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By far the most radical change was to Apple's popular iMac desktop computer which was unveiled in its new form during a keynote speech by Apple chief executive officer Steve Jobs. Powered by what Jobs called "amazing technology," the computer features a 15in flat-panel display, a faster processor and more memory than its predecessor - all packed into an unprecedented new design.
With a base 26.4cm (10.6in) in diameter and not much taller than a CD jewel case, the new design marks another style innovation for Apple.
Each model of the iMac will include a 15in flat-panel LCD as well as five USB ports and two FireWire ports, located on the back of the machine. The high-end model, which will be the first to ship later this month, will include an 800MHz G4 processor, 256Mbytes of RAM and a 60Gbyte hard drive. Priced at $1,799 (£1,249), the model will also feature Apple's Superdrive, which reads and writes both CDs and DVDs.
A $1,499 (£1,041) model, due to ship in February, will run a 700MHz G4 chip and ship with 256Mbytes of RAM and a 40Gbyte hard drive. It will include a combination drive for reading and writing CDs and reading DVDs. A low-end mode, costing $1,299 (£902), will ship in March featuring a 700MHz chip, 128Mbytes of memory, a 40Gbyte hard drive and a rewritable CD drive.
Since its launch in 1988 the iMac has sold more than six million units Jobs said. But as the colourful computer aged and drew what some people considered worthy competition from competing PC makers, some users and analysts said the iMac grew stale.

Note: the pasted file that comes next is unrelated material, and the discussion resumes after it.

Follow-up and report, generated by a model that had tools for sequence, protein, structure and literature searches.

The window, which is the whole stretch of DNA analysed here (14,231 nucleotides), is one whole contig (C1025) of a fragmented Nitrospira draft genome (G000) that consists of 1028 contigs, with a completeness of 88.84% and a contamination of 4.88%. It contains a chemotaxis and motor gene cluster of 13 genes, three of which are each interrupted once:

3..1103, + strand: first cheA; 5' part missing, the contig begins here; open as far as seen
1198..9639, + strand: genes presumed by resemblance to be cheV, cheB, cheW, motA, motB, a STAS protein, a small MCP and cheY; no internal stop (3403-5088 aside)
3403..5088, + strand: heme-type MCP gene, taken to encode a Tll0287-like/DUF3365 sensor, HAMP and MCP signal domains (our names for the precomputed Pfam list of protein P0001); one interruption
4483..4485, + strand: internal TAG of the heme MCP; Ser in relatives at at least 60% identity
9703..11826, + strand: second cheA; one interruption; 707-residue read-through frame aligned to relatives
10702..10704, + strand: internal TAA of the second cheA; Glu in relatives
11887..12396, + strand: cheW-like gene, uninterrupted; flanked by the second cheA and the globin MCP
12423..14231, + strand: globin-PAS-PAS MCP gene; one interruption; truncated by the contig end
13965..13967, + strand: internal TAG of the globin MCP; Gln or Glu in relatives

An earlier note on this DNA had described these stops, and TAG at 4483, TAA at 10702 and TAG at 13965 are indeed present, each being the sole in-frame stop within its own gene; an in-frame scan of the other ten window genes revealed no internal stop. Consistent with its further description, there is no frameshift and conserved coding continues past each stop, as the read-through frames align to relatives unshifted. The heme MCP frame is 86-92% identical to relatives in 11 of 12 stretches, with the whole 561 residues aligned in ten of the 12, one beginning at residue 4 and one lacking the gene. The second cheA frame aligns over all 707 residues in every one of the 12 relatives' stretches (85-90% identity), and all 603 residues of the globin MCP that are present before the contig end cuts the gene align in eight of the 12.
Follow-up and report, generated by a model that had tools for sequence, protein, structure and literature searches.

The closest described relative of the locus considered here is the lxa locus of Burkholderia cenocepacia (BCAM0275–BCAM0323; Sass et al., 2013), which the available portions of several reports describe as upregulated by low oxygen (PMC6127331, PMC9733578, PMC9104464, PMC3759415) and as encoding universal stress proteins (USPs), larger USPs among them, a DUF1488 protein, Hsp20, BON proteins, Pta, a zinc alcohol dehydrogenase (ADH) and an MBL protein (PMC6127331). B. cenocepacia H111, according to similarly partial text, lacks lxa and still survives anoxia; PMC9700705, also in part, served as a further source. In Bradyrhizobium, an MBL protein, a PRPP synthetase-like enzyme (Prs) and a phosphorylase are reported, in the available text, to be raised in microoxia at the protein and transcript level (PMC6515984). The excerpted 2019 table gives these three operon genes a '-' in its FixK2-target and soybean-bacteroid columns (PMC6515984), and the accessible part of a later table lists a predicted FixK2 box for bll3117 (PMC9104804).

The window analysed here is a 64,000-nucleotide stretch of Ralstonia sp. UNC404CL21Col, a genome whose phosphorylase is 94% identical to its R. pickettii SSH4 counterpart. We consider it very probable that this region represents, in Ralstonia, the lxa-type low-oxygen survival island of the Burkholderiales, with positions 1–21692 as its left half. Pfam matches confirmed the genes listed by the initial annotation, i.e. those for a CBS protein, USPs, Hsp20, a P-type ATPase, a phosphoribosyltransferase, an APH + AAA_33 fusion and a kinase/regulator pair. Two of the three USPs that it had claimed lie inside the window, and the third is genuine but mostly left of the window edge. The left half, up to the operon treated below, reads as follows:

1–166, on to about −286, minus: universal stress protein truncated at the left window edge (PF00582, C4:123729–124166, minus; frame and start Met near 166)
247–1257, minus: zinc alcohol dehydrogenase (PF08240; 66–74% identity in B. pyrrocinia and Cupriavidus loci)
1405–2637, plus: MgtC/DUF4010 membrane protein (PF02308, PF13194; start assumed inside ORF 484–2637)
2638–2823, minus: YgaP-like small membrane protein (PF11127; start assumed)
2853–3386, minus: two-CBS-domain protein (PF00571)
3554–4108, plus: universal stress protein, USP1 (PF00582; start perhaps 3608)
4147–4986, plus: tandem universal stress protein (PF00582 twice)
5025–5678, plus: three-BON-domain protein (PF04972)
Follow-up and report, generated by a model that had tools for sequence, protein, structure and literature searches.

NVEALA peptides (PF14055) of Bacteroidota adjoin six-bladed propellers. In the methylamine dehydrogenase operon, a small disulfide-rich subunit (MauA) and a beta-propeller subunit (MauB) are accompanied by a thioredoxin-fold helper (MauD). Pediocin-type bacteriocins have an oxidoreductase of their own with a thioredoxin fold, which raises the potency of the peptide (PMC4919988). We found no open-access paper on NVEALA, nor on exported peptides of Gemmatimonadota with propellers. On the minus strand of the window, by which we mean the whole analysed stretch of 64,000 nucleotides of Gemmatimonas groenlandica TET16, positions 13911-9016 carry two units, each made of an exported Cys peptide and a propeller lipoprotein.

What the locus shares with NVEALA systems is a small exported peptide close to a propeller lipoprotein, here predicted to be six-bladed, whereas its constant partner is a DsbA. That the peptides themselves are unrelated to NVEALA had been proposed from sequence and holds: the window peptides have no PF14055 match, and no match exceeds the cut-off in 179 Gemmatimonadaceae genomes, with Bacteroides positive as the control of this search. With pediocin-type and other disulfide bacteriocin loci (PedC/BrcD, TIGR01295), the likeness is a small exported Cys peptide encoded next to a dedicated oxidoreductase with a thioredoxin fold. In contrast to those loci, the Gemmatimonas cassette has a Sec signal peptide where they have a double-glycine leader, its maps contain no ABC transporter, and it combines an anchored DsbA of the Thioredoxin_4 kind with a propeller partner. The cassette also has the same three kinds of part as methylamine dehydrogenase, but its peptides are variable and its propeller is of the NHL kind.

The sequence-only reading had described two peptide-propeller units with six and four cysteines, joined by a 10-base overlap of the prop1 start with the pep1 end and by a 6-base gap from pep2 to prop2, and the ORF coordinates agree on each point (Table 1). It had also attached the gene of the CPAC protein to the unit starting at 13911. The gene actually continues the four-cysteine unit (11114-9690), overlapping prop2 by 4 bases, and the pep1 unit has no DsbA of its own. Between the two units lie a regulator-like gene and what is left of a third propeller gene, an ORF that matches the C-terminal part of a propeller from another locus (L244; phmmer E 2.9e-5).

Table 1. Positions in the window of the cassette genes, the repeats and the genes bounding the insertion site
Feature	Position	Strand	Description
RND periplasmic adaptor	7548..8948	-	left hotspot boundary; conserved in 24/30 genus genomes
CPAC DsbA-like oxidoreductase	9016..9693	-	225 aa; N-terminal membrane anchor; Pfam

"Then we had our big idea," Jobs said, referring to the new iMac design. "The whole computer is in this tiny little vase," he added, offering a visual explanation for the new CPU design.
Apple's iBook computer range has also been updated. The company has lowered the cost of its low-end 500MHz portable computer by $100 to $1,199 (£833). The high-end model, which will now feature a combination CD-RW/DVD-ROM drive will cost $1,499 (£1,041). The mid-range iBook has been eliminated from the line-up.
Jobs also unveiled a larger iBook, weighing 5.9lbs, that touts a 14in display which he called the iBook's "big brother". With a price tag of $1,799 (£1,249), the new portable computer will come with a 600MHz PowerPC G3 processor, 256Mbytes of memory, a 20Gbyte hard drive, a battery that provides six hours of regular use and a combination CD-RW/DVD-ROM drive.
Apple will ship all its new models with the new Mac OS X Version 10.1 operating system as the default boot-up operating system. A dual boot of Mac OS 9 will still be available on the computers to run older applications.